The court reporters I work with in San Diego met for a Summit last week. On the agenda was a “show-and-tell.” The court reporters were asked to bring their court reporting gear to the meeting as if they were going to a deposition, arbitration or hearing.
The exercise was fascinating. The goal of almost every court reporter in the room was downsizing and getting the weight down. Two of the court reporters actually had wheeled their old bags into a luggage store, one to a Samsonite distributor and the other to Kohl’s, fully packed with steno machine, tripod, Stenocast gear, file folders for exhibits, et cetera, eyeballed new bags that might be suitable to carry their gear (with features such as fancy turning wheels, being lightweight), took out all of their gear and checked to see if it would fit in the new bag. As one of the reporters stated, “I just sat there on the floor of Kohl’s taking everything out of my old bag and packing the new bag to make sure everything fit.”
Two other reporters had bought their bags from Stenograph at a conference, and one of them was able to open her bag from a side zipper, and never had to lay her bag flat to unpack.
Another common theme was “how to go to a deposition without a purse.” Reporters are packing their I.D., cash, and credit card in a little wallet that they would carry in their steno bag. One reporter had a sealed water bottle with a straw she fits into her steno bag. She fills up the bottle at home every morning before she leaves for her job. “Some places it’s hard to get water,” she told us. “It’s true,” we replied, “some places have yucky water.”
But the winner of the smallest gear contest would be Veronica. I’ve written about Veronica in a past blog. She had her little black backpack on her shoulder that carries all of her equipment.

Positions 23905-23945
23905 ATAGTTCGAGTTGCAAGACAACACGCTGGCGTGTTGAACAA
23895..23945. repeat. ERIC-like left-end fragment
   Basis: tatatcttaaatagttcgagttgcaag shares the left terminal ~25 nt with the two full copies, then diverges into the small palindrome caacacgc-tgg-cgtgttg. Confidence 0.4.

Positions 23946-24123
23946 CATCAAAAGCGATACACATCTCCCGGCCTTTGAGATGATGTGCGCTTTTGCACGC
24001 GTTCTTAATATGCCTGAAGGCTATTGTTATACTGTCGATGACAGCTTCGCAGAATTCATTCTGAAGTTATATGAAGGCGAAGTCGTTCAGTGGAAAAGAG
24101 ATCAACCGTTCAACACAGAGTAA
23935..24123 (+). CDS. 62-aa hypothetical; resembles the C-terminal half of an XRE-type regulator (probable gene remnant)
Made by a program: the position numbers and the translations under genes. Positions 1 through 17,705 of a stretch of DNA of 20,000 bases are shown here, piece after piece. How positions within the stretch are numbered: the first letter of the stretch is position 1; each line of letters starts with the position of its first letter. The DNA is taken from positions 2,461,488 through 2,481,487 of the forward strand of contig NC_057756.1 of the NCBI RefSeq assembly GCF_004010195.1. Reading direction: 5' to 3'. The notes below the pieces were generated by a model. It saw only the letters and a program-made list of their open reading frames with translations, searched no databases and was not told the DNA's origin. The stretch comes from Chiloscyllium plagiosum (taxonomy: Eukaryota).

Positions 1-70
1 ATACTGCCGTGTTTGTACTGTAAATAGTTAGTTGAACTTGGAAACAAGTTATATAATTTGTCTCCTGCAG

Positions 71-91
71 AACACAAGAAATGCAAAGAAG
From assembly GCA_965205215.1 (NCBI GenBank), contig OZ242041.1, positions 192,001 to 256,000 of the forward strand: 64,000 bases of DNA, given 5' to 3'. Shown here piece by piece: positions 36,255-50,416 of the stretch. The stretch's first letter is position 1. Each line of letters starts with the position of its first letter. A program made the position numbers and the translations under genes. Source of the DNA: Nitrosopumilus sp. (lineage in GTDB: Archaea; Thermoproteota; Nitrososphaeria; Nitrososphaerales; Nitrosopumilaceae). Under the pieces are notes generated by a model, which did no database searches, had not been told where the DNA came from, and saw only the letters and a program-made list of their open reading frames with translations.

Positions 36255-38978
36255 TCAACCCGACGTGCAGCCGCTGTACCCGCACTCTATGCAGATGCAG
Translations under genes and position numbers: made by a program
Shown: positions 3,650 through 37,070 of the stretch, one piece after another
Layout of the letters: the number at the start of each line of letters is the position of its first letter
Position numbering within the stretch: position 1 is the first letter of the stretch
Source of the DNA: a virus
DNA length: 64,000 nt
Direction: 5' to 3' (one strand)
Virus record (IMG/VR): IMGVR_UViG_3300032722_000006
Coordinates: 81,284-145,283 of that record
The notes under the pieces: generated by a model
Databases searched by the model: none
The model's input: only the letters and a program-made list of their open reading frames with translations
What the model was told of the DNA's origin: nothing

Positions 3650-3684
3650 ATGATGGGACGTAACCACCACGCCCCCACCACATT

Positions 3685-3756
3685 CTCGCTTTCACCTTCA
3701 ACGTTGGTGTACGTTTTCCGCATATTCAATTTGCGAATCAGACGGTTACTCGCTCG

Organization is one of the most important aspects of our job, and I believe court reporters inherently have the personality of wanting to be organized. The court reporters use plastic color-coded clear folders to hold exhibits, exhibit stickers, stickies, cards. Two reporters use a Depobook and three of them use notebooks to keep job notes.
The show-and-tell segment of the Summit inspired me to go through my steno bag and computer bag to clean it out and think, “How can I be more efficient with my stuff?” I plan on walking the aisles of Staples, Frys, and the Container Store to get ideas. My computer bag is super heavy, and I am tired of lugging it around. I know I can find extension cords, USB organizers, and exhibit holders. (One of the reporters I work with bought a folding plastic, lightweight laundry bag that can be opened up to create a box-like contraption that is perfect for voluminous exhibits.)
Court reporters are incredibly smart and innovative. I suggest if you get a chance, check out how other court reporters are packing. Mike Miller, Depoman, is someone that packs incredibly smart. Look at his pack if you get a chance. If you have a great solution or ideas that you use to carry your gear, please leave a comment. We can’t wait to hear what you have to say.